SpineAssist is now in the late stages of development and in September the company will begin clinical trials on 30-40 patients. The trials are to be conducted in a number of Israeli hospitals. Some of the operations will be carried out by five surgeons from three leading medical centers in the US, who are expected to fly out in November or December this year.

“This will save us time and money, and at the same time provide us with great exposure,” admits Hadomi enthusiastically. “We will learn some valuable lessons by having surgeons of this caliber using our equipment.”

If the trials are a success, Mazor plans to apply for FDA approval by the end of this year. CE approval, enabling the company to sell to Europe, is expected in the second quarter of next year. The company plans to target the US and European markets at the same time, and will look for distributors, or a large partner in the same sector, to push the product.

Mazor’s platform was originally developed at the Technion Institute by Prof. Moshe Shoham, head of the Robotics Lab at the Technion’s Faculty of Mechanical Engineering, and the director of the Robotics Lab at Columbia University. Early in 2001, Sheram joined forces with Eli Zahavi, the former director of engineering at Elscint, and together they founded Mazor. Initially the company was established in the Technion incubator in Haifa, but soon attracted seed investment of $900,000. In June it held a first round of financing, and raised $8.5m. from venture capital firm, Shalom Equity Fund, Johnson & Johnson D.C., Proseed Venture Capital Fund, DOR Ventures, and Alice Ventures.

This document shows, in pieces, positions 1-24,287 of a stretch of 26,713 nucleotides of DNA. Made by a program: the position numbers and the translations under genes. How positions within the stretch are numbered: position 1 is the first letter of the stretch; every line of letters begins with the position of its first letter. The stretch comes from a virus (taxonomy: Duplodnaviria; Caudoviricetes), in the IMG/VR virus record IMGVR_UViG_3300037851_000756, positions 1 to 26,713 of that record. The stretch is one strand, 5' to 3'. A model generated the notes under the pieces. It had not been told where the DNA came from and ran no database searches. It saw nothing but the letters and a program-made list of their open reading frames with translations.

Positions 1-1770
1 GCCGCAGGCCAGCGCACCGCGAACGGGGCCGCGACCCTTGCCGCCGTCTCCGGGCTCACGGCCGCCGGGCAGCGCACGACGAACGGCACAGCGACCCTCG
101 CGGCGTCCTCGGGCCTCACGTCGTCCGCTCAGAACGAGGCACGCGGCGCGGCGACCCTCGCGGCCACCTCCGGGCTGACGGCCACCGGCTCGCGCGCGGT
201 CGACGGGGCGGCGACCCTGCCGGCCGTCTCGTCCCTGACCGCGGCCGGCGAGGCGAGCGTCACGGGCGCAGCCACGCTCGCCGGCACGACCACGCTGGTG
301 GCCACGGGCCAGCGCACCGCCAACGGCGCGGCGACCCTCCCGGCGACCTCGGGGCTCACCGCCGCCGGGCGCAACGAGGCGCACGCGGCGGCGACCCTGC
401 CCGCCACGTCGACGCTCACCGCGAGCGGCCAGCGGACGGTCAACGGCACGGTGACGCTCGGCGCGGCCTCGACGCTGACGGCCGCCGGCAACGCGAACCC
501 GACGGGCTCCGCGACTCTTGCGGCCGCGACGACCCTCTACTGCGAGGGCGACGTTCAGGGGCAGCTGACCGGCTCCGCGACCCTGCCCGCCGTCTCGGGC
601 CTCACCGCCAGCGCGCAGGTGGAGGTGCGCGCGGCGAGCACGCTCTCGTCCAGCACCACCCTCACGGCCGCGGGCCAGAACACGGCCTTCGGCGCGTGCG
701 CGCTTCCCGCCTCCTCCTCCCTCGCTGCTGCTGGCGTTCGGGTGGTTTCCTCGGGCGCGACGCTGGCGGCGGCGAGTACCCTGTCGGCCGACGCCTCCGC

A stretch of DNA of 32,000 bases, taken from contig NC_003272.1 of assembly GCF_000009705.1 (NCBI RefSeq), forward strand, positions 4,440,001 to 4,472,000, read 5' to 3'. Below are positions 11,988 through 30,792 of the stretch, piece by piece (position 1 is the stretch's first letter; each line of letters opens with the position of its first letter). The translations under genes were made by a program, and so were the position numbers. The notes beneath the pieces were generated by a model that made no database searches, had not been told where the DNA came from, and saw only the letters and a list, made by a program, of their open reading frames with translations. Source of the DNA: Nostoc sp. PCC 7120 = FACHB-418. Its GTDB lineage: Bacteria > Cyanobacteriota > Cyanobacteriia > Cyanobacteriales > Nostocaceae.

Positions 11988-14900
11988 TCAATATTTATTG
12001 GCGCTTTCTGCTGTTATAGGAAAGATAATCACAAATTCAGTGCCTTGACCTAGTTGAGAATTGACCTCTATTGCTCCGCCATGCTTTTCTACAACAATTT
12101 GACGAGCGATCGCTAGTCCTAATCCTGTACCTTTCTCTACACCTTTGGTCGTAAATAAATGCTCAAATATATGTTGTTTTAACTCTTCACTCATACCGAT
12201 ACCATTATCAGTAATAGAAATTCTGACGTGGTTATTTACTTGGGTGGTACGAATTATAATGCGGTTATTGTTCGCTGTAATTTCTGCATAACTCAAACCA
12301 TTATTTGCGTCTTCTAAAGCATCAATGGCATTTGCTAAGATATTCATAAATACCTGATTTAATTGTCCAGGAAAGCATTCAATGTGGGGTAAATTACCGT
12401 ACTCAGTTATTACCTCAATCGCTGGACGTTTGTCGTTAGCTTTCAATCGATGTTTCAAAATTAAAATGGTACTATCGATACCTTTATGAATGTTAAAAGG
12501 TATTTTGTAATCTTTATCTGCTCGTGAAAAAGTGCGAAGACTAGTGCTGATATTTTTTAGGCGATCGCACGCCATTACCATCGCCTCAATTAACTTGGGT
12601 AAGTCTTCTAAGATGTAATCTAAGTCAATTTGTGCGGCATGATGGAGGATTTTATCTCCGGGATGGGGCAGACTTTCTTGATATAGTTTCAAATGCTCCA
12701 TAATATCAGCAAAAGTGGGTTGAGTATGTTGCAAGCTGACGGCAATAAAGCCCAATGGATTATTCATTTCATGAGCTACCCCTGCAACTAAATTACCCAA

Hadomi, who joined Mazor in January this year from DenX, a specialist in image-guided dental surgery, said he was pleased with the results of the round and expected to be able to meet most of the company’s milestones with this amount.

“We could have raised more, but it was the company’s decision to hold the round at this stage, and to raise more in the future if all goes well,” he says. Initially the company planned to raise just $7m., but investor interest was so great that the company boosted it to $8.5m.

The company plans to use this money to increase marketing, open new international offices, and continue R&D. Currently the company employs 13 people, and while Hadomi says he plans to bring on more staff, he also aims to keep the company small.

Though it should be borne in mind that many products fail when they get to the trial stage, Hadomi remains optimistic that Mazor will be a success. He also anticipates great demand for the product. Focus groups held in the US and Canada showed that people liked the product. “There’s nothing like this on the market today,” says Hadomi. “It’s a real revolution.”

As a result, Hadomi admits that competition does not worry him. “The other players in the image guided surgery market accept us as real competition, but I’m not sure that they can compete with us. We have a big advantage because we provide the market for the first time with a simple, reliable and precise system that can be operated with no assistance, and without too many technicians and maintenance,” he says.

In addition, Mazor’s system is likely to be cheaper than existing systems, says Hadomi. SpineAssist, for example, will cost about $100,000 for the equipment, and a further $90 or so per patient for the disposable clamp. Traditional systems start at $300,000.

“I’m very pleased with the approach this company has taken,” admits Hadomi. “The company has done an extremely good job with very limited resources and a short time.”

He attributes this to the experience of the team. “We have an experienced team, all in senior positions in the medical devices community. This makes all the difference.”

(See Exclusive video report on Mazor from IsraelHighTech.TV).